This issue goes far beyond musical tastes because today much popular music is radically different from that of previous generations. The difference that much of today’s music has words and themes which openly emphasize and encourage such things as immoral sexual experiences and the use of drugs. Some songs, in fact, even have strong Satanic or occult themes. This cannot be overlooked by any responsible parent…”
It is with these words of warning from Billy Graham that Eric Barger begins his book. Empowered by the phrase “This cannot be overlooked by any responsible parent…” Barger sets forth to make certain that parents and teenagers alike know exactly what it is that makes much of today’s rock scene so dangerous to follow.
Barger lays bare the content of videos, rock concerts, song lyrics, album covers and artists’ lifestyles. With startling clarity and detail, he reveals sexual deviance, violence, hedonism, depravity, substance abuse, and links with the occult and Satanism.
The information he presents is concise and well documented. To his credit, Barger conveys the sordidness and perversity without resorting to quoting the profanity used by so many of the artists.
But so comprehensive is Barger’s research that a reader who is unfamiliar with the world of rock music could easily be overwhelmed by the sheer volume of information and its unparalleled depravity. A gradual easing into the material through the use of introductions for Chapters 2 through 4 would certainly have helped.
In this light, it is in the later chapters that Barger is at his best. The Group/Artists Summaries present detailed exposés that are easily comprehended. And the chapter entitled “Rock Music’s Occult Symbols Explained” provides a startling look at the origins, meanings and uses of the symbols found in many rock groups’ materials.
The most striking facet of Barger’s book is his 48-page ‘Rock Music Rating System,’ in which he classifies over 1500 past and present musicians according to the presence of certain themes. These themes include substance abuse, sexual perversion, involvement with the occult and Satanism, and the adulation of murder and suicide. For parents and rock enthusiasts alike, it provides a quick and easy to use guide to what is and isn’t present in the material of the entertainer of choice.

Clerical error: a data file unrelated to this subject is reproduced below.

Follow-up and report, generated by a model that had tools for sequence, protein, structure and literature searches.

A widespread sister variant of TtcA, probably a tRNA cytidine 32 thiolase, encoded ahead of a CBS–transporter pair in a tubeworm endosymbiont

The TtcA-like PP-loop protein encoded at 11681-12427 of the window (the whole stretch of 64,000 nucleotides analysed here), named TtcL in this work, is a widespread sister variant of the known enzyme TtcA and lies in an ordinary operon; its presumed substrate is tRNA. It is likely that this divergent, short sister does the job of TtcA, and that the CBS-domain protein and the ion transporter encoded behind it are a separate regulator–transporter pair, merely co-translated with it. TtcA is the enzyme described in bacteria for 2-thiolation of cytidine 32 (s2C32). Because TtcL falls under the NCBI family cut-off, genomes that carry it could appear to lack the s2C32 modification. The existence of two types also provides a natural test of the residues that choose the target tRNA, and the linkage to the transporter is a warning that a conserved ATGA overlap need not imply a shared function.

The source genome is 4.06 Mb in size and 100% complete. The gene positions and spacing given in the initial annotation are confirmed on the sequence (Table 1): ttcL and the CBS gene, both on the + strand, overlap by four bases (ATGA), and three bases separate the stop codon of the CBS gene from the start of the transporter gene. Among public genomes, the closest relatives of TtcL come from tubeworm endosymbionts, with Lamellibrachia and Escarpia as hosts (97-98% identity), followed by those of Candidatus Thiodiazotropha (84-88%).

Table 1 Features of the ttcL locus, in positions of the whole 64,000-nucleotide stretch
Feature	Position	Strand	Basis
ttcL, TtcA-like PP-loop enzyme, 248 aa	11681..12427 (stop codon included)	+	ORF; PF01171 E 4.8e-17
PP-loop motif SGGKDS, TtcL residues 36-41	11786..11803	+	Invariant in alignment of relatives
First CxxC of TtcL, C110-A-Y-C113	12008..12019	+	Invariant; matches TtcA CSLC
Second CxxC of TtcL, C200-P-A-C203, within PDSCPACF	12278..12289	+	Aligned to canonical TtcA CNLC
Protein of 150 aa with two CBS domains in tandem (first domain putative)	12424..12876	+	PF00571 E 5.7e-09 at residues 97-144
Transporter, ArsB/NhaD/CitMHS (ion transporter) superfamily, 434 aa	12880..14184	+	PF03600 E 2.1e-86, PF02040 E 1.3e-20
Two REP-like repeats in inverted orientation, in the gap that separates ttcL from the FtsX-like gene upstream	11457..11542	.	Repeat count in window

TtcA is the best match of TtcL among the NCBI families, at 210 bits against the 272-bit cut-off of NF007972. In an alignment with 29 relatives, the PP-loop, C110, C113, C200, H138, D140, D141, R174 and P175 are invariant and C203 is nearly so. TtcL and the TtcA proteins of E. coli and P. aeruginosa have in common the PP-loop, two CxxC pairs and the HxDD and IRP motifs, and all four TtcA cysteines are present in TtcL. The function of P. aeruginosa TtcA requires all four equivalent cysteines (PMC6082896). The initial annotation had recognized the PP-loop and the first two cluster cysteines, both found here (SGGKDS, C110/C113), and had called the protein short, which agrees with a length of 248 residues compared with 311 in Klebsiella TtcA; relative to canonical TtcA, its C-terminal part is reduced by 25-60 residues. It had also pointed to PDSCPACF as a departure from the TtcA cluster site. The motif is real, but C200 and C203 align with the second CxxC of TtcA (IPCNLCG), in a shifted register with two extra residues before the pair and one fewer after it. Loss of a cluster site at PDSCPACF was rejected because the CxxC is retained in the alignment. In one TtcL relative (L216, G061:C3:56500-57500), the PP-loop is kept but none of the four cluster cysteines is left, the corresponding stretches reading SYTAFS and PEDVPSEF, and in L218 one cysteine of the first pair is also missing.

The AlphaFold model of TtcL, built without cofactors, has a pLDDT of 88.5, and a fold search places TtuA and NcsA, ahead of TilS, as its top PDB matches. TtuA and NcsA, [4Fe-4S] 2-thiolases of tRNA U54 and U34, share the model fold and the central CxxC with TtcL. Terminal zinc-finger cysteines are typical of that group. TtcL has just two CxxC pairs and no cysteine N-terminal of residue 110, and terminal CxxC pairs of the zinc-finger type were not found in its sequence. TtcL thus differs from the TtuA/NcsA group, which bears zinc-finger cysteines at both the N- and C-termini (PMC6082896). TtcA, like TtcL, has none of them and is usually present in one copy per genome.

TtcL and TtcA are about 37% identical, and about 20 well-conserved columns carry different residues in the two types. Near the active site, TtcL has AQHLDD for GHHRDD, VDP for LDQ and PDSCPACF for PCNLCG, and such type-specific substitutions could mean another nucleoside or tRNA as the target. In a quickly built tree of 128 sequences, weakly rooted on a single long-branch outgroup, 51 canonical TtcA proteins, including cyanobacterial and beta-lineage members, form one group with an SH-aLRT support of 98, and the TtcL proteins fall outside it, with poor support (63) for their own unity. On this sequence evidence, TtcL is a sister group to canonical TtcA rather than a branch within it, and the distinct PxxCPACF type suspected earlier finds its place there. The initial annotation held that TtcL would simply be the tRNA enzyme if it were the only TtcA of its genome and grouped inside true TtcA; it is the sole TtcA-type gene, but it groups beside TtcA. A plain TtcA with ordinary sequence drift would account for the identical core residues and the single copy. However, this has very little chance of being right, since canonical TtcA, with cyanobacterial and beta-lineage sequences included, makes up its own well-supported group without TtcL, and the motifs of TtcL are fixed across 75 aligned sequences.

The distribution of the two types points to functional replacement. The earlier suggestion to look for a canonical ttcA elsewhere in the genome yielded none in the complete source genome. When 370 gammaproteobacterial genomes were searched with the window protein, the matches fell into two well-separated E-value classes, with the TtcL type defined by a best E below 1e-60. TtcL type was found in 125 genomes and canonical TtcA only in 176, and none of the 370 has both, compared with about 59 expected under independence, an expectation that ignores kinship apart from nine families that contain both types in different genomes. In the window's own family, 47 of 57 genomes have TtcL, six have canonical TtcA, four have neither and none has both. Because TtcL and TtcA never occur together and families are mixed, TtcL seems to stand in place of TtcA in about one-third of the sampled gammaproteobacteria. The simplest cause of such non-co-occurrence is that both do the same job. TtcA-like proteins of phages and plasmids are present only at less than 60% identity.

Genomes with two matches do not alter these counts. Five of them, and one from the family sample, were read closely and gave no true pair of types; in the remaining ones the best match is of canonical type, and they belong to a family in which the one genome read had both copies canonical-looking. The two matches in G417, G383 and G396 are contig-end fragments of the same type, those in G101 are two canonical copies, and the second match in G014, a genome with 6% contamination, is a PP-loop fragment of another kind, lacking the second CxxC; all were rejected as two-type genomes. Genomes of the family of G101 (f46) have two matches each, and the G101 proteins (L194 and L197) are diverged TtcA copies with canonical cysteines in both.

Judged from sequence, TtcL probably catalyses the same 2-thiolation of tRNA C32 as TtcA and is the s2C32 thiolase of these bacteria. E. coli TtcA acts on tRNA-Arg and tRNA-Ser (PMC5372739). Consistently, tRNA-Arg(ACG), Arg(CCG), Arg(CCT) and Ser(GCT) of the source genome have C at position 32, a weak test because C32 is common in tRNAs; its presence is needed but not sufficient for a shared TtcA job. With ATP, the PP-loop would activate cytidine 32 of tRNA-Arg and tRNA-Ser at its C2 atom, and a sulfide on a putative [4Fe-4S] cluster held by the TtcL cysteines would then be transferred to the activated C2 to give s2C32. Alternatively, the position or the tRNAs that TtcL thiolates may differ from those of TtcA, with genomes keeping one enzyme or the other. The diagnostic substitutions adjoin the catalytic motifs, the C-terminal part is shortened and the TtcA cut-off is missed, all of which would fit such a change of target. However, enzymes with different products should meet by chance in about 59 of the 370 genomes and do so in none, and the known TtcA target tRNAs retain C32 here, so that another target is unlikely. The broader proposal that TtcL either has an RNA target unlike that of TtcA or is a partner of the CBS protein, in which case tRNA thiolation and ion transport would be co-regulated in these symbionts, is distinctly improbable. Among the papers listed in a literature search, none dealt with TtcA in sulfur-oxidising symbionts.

The major difficulty with Barger’s ‘Rock Music Rating System’ is that of any rating system: it rapidly becomes obsolete. In the field of rock music where groups disband and reform overnight, this is especially so. For example, at the time of the book’s printing, the group L.A. Guns received a rating which castigated it for its rebellion, violence and vile language. But the March 1990 issue of Hit Parader notes: “With the success of their latest LP, “Cocked and Loaded,” these Sin City Bad Boys have staked a claim to the title of the sleaziest band in the world. But these guys don’t work at being sleazy; it’s something that just comes to them naturally.” Obviously there is far more to L.A. Guns than a taste of rebellion and the use of four-letter words.
While books like From Rock to Rock provide parents with essential information, they are no substitute for parental involvement. In his closing chapters, Barger acknowledges this and exhorts parents to get involved. Listen to the music, watch the videos, go to the concerts and read the music magazines, he encourages. But don’t expect your child to reject the ungodliness of rock music if you yourself indulge in ungodliness in other forms, Barger wisely warns.
“Parenting is not an easy task,” he admits. “But we have been given a great responsibility – to raise, guide and nurture another human being for God. When we lose touch with the heartbeat of our kids we greatly diminish our effectiveness as their spiritual leaders. Jesus must become what music is – the heartbeat of our youth.”